Friday, May 21st, 2010
Yehuda Katz, has done an excellent writeup on Ruby and encodings, but under the heading “Why this is, in practice, a rare problem”, I think he’s explained exactly why, in practice, there is a common problem:
In practice, most sources of data, without any further work, are already encoded as UTF-8. For instance, the default Rails MySQL connection specifies a UTF-8 client encoding, so even an ISO-8859-1 database will return UTF-8 data.
Many other data sources, such as MongoDB, only support UTF-8 data internally, so their Ruby 1.9-compatible drivers already return UTF-8 encoded data.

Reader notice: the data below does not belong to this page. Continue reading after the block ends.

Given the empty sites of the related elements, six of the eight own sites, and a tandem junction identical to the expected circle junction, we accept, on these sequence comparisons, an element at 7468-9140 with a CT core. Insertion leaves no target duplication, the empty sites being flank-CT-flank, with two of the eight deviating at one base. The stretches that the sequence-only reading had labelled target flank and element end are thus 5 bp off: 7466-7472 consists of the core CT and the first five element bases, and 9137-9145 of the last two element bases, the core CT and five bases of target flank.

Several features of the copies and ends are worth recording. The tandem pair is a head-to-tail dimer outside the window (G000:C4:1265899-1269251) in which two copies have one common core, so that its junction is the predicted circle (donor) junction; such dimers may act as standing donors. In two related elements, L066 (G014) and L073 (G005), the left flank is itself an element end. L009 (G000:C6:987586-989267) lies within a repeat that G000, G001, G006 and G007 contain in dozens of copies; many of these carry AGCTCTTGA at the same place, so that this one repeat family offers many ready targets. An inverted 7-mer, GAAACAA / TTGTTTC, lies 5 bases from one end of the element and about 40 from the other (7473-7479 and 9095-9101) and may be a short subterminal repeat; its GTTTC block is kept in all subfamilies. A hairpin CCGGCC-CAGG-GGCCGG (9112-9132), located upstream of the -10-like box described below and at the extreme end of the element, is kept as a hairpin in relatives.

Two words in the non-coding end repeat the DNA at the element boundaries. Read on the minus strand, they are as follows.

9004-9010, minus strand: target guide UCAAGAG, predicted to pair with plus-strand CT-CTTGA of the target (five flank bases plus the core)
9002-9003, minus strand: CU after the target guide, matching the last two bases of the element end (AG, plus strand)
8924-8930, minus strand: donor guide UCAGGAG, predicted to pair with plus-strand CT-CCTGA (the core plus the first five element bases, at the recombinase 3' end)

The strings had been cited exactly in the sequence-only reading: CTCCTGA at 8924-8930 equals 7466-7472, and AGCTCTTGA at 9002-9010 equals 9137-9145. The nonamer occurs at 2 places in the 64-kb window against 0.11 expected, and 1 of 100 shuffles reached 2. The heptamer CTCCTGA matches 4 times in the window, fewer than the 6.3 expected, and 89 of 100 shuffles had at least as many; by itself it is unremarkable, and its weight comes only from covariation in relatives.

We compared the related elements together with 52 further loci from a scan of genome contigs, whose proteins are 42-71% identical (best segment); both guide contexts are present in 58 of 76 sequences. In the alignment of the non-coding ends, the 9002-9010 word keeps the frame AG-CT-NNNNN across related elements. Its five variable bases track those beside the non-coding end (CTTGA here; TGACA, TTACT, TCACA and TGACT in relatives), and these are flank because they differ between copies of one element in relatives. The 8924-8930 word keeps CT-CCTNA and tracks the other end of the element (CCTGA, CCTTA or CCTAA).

Your text editor (TextMate) likely defaults to saving your templates as UTF-8, so the characters in the templates are already encoded in UTF-8.
And then Ruby 1.9, unless you explicitly tells it otherwise, defaults to interpreting the file, and all strings defined in it, as ASCII and all that is for nothing.